DAVENPORT, Iowa — Mitt Romney’s six-state bus swing through small cities and towns in New England, the Rust Belt and the industrial Midwest served as a clear reminder that his biggest ally in the presidential race is also his biggest foe: President Obama.
Even among the crowds that turned out to hear the presumptive GOP nominee, it was evident that this election remains very much a referendum on Mr. Obama’s first term in office.
Joseph Calasante, for instance, fought back tears when asked why he backed Mr. Romney, just minutes after the former Massachusetts governor’s first stop at a picturesque farm in New Hampshire.
The biggest reason? Mr. Obama.
“Obama makes us feel like we are a bunch of Muslims,” the 74-year-old said. “We don’t bow to kings of other countries. Obama bowed to the king of Saudi Arabia, and only a Muslim would bow to the king of Saudi Arabia. We don’t bow to anyone. That is what Mitt Romney is bringing back.”
Days later, Cheryl Goodson braved the stormy weather to attend a free pancake breakfast in the Cleveland suburbs. Sitting beneath an umbrella, the 64-year-old retiree snapped that if the media had done a better job of vetting Mr. Obama in the first place, he never would have won the White House.
“My opinion of Obama?” Ms. Goodson said. “He never ran a lemonade stand. So how would he ever run a country this large?”
While it may have been inevitable that anti-Obama voters would turn out on the campaign trail to see Mr. Romney, it was evident that the dissatisfaction with Mr. Obama among the pro-Romney crowds is fueling energy and excitement in the Republican camp.
A May Gallup poll showed Mr. Obama with an edge in voter enthusiasm among his supporters in 12 battleground states, including the states that Mr. Romney visited on his tour.
But that poll came shortly after Mr. Romney laid claim to the nomination after a bruising GOP primary. Now, nearly two months later, there are signs that Republicans have put the primary bickering behind them and are increasingly excited about pulling the lever for Mr. Romney — especially if it means getting rid of Mr. Obama.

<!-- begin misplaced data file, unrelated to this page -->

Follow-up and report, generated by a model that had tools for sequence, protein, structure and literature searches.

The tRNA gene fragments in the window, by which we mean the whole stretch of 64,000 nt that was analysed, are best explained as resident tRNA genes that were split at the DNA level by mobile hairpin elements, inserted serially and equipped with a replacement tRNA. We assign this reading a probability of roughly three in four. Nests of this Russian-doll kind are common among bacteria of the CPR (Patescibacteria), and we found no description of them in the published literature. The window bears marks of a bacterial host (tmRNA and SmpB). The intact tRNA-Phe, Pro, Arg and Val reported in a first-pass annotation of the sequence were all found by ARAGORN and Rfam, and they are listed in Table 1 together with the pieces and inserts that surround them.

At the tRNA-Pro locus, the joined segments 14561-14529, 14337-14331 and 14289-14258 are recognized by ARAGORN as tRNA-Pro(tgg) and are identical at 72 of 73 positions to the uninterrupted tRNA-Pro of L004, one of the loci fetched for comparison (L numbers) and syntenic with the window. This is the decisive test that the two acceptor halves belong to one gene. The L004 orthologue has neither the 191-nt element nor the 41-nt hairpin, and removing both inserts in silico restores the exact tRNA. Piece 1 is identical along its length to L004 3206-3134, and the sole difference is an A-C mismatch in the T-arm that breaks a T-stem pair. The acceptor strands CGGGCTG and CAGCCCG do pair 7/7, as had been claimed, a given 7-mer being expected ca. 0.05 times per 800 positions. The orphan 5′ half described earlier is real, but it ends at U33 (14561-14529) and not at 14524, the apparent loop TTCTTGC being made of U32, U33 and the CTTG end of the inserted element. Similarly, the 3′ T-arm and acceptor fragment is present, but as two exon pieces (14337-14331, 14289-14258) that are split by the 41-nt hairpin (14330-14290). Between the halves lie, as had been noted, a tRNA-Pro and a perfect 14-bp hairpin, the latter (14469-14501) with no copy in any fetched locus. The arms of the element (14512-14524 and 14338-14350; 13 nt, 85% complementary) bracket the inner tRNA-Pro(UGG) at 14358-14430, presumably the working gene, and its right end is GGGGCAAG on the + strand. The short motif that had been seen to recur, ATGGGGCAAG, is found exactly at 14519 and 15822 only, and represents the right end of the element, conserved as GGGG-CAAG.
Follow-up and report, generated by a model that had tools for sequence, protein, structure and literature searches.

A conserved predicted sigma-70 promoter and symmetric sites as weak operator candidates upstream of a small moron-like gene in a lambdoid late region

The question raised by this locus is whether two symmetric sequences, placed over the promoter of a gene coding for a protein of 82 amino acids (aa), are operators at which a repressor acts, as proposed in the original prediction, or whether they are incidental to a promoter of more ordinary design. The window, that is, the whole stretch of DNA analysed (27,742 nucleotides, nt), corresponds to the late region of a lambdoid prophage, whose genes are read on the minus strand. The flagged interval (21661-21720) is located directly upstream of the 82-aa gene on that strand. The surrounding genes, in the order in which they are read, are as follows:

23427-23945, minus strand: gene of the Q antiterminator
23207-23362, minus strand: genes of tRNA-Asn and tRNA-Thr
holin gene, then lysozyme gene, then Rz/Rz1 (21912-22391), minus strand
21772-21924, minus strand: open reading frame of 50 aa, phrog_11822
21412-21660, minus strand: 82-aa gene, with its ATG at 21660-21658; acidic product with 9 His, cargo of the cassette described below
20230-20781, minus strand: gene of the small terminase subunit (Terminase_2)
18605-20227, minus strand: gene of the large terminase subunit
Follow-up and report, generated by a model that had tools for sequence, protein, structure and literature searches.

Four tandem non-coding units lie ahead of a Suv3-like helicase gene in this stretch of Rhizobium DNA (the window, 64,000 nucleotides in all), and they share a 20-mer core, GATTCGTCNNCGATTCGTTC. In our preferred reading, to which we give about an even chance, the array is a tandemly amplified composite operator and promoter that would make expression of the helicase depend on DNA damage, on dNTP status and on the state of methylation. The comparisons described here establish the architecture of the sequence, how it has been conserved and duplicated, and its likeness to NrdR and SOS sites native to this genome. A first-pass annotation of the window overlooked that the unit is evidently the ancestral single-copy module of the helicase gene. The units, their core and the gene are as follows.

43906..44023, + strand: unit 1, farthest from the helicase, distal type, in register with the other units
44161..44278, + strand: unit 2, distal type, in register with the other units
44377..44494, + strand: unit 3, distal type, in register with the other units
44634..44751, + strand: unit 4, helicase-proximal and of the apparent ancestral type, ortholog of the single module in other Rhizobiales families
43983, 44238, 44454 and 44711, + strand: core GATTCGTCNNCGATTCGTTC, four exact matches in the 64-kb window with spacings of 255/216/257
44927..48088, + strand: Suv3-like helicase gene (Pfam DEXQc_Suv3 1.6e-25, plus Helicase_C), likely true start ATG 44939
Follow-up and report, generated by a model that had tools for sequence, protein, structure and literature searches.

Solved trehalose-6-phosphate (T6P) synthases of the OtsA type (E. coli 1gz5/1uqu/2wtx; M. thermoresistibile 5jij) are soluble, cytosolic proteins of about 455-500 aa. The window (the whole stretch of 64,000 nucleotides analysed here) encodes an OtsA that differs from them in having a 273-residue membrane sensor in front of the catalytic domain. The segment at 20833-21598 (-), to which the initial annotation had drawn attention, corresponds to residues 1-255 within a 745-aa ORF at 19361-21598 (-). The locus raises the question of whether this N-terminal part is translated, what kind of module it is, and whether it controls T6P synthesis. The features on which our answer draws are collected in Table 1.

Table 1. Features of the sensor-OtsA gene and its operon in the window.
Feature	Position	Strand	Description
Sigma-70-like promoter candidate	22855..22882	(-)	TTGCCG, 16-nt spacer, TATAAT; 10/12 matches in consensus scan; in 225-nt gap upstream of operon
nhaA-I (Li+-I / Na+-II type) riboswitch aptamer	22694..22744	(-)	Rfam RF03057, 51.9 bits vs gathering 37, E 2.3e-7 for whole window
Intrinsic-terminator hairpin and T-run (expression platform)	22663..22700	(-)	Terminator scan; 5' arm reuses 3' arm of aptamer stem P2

“Every action [Mr. Obama] has taken has made the nation weaker,” said Jeff Moore as he waited in line at the pancake breakfast. The 50-year-old bartender said he had preferred former Sen. Rick Santorum of Pennsylvania in the GOP primary. But now that Mr. Romney is the presumptive candidate, he said, the former Massachusetts governor “is the horse we have to ride.”
Mr. Moore’s anger at the incumbent is palpable: Mr. Obama, he says, is trying to “break the spirit of the American people and kind of just beat us down to the point where we are going to say, ‘I give up.’”
Responses like that underscore the shift in the political dynamic since the last election, when Mr. Obama, then a freshman senator from Illinois, defeated Sen. John McCain of Arizona.
“In 2008, the economy was the driving issue for almost two-thirds of the electorate, and the same will be true again in 2012,” said Ford O’Connell, a GOP strategist who led the McCain camp’s rural outreach efforts in the 2008 election. “The difference now is Obama is no longer a blank slate. … He is an incumbent president straddled with a weak economic record.”
With those political winds at his back, Mr. Romney set out on his first traditional campaign trip of the general election looking to stoke enthusiasm among the rural voters he will need to win the White House.
Over the five days of the “Every Town Counts” bus tour, voters got to see him in a variety of settings. He scooped ice cream in New Hampshire, picked up a meatball hoagie at a gas station in Pennsylvania and took the wheel of a replica steamboat on the Mississippi River.
The jaunt also gave him more chances to tell voters that he plans to repeal Mr. Obama’s federal health care overhaul, embrace the XL Keystone pipeline and balance the federal budget.
But by the time the trip wrapped up Tuesday in Michigan, it had become abundantly clear between Mr. Romney’s repeated attacks on the stump and the comments from campaign aides that the Romney camp thinks this fall hinges on convincing voters that the election is about the Obama record.
“It is a referendum on the state of the economy and the incumbent,” said Stuart Stevens, a top Romney aide.